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Supreme Court rules on UPS pregnancy discrimination case

A recent U.S. Supreme Court decision may affect female employees in California who are expecting a baby and who wish to continue working through their pregnancy. On March 25, the U.S. Supreme Court announced that it would remand to a lower court a workplace discrimination lawsuit that was filed by a former United Parcel Service worker. The worker, now 43, sued her employer after she claimed that it failed to provide her with light-duty work while she was pregnant.

In a 6 to 3 decision, the Court ruled that the former UPS worker should have another opportunity to demonstrate that her employer discriminated against her by not giving her an accommodation as a result of her pregnancy. According to the plaintiff, her requests for light-duty work during her pregnancy were turned down, and she was forced to go on unpaid leave without medical benefits.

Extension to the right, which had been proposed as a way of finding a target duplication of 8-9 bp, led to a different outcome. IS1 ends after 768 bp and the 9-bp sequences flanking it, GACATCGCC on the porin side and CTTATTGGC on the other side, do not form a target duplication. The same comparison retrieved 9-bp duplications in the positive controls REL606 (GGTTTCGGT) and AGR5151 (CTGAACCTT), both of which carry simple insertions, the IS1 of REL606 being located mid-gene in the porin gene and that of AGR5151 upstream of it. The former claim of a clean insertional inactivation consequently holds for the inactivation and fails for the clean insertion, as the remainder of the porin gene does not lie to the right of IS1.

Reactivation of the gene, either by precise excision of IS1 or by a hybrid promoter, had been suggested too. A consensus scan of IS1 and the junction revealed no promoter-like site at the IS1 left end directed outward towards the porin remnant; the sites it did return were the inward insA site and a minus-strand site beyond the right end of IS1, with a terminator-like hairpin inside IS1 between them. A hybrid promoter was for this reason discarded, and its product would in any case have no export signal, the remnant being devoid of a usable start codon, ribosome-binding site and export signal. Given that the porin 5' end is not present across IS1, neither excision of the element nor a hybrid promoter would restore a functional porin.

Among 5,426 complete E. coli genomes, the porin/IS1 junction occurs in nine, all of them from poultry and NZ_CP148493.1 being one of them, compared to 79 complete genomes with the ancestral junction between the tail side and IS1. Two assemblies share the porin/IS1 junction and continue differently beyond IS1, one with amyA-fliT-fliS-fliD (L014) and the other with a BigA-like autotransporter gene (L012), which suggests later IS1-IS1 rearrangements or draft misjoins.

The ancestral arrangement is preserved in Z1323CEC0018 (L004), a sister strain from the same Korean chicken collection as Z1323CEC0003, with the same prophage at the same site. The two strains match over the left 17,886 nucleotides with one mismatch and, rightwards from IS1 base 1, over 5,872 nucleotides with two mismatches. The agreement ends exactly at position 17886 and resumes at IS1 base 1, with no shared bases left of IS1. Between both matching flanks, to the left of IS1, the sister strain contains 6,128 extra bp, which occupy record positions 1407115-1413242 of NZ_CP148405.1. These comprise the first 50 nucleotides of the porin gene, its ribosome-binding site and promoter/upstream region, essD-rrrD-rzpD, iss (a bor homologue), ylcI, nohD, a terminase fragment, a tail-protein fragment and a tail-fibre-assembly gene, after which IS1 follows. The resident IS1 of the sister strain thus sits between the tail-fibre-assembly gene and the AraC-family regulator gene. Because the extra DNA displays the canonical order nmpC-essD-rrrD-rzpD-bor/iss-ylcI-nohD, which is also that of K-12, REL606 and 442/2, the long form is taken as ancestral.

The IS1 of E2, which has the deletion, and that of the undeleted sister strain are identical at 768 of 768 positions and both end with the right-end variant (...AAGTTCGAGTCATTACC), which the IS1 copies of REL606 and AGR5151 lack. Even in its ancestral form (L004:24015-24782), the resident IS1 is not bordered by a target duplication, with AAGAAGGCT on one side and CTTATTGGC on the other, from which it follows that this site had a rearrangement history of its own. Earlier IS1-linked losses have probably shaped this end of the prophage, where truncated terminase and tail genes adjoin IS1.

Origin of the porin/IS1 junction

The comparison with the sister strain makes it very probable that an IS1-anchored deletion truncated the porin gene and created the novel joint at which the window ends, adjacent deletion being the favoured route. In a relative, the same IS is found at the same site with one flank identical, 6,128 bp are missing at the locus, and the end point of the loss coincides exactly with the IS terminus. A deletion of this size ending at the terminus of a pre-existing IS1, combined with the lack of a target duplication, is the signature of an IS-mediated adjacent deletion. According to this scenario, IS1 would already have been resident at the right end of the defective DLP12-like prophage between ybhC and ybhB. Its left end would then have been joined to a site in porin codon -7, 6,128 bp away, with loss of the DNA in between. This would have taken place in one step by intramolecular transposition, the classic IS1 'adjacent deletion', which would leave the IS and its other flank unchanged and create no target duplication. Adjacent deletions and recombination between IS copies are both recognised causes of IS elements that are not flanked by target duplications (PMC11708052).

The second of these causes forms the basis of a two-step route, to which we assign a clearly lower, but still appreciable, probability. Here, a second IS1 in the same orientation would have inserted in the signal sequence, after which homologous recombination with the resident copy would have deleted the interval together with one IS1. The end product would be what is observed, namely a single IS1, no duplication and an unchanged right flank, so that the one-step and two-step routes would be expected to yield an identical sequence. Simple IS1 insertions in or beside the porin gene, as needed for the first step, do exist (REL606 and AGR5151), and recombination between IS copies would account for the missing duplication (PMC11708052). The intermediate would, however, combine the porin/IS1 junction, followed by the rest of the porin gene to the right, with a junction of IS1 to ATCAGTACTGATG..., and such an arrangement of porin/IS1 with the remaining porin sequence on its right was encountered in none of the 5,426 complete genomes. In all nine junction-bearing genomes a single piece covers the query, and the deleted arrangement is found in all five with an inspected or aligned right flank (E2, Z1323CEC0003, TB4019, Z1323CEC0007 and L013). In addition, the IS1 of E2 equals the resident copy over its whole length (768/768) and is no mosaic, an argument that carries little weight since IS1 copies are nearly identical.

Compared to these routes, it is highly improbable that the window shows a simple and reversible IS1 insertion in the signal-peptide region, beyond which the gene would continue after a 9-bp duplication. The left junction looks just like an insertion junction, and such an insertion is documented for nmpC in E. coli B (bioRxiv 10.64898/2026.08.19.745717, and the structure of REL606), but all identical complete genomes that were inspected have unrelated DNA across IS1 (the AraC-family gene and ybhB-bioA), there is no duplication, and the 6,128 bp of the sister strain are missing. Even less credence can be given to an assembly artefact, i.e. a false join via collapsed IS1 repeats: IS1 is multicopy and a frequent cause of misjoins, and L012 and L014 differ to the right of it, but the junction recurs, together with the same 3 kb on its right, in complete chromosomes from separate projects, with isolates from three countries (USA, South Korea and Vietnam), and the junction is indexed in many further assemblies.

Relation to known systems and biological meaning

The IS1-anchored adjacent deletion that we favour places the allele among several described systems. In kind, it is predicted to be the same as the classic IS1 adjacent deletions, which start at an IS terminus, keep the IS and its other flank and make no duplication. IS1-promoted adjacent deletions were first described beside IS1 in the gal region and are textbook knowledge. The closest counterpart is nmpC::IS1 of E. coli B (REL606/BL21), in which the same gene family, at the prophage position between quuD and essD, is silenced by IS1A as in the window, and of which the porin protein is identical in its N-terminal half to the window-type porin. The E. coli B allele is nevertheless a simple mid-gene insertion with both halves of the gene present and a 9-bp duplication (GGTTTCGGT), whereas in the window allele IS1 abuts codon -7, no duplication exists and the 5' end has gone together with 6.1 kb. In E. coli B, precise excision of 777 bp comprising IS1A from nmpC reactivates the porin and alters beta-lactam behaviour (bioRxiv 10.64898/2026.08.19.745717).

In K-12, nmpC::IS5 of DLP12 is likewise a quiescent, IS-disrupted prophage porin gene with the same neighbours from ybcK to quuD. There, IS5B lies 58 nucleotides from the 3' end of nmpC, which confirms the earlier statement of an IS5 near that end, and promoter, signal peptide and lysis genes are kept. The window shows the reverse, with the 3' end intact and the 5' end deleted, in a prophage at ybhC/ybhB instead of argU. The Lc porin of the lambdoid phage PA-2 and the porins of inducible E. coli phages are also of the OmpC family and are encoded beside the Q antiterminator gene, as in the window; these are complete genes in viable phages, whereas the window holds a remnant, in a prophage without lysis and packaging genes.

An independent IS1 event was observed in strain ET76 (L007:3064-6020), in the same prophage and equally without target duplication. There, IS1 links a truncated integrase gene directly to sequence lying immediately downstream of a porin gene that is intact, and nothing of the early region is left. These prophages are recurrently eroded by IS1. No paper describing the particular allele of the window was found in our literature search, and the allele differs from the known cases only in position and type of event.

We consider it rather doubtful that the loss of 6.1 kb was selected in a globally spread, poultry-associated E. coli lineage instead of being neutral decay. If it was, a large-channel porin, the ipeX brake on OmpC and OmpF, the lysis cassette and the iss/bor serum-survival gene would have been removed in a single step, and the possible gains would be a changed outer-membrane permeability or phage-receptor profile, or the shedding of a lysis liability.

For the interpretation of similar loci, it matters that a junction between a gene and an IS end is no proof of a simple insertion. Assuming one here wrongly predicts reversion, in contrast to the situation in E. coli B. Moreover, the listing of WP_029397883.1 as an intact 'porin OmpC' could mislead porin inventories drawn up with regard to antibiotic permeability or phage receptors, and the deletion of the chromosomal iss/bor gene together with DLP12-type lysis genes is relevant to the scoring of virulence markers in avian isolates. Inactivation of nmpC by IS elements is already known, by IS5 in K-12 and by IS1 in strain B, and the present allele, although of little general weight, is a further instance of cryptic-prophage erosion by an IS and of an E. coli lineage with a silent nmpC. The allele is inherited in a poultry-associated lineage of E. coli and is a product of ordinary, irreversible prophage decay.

The woman claimed that UPS violated the 1978 Pregnancy Discrimination Act by failing to take into account her pregnancy. However, lower courts ruled in favor of UPS, claiming that the policy of UPS to provide light-duty work only to those employees who were injured on the job, lost their commercial driver's licenses or had a disability that was covered by the Americans with Disabilities Act was not discrimination. Some time after her case was filed, however, UPS changed its policies and now provides light-duty work for pregnant employees.

Employers may be breaking the law if they do not accommodate the needs of their pregnant employees. It is also unlawful for employers to discriminate against pregnant employees when they make decisions about hiring, layoffs and promotions. Those who believe that they were discriminated against because of their pregnancy might want to talk to a lawyer about filing a workplace discrimination lawsuit.

Source: The Washington Post, "Justices revive case claiming UPS discriminated against pregnant worker," Robert Barnes and Brigid Schulte, March 25, 2015

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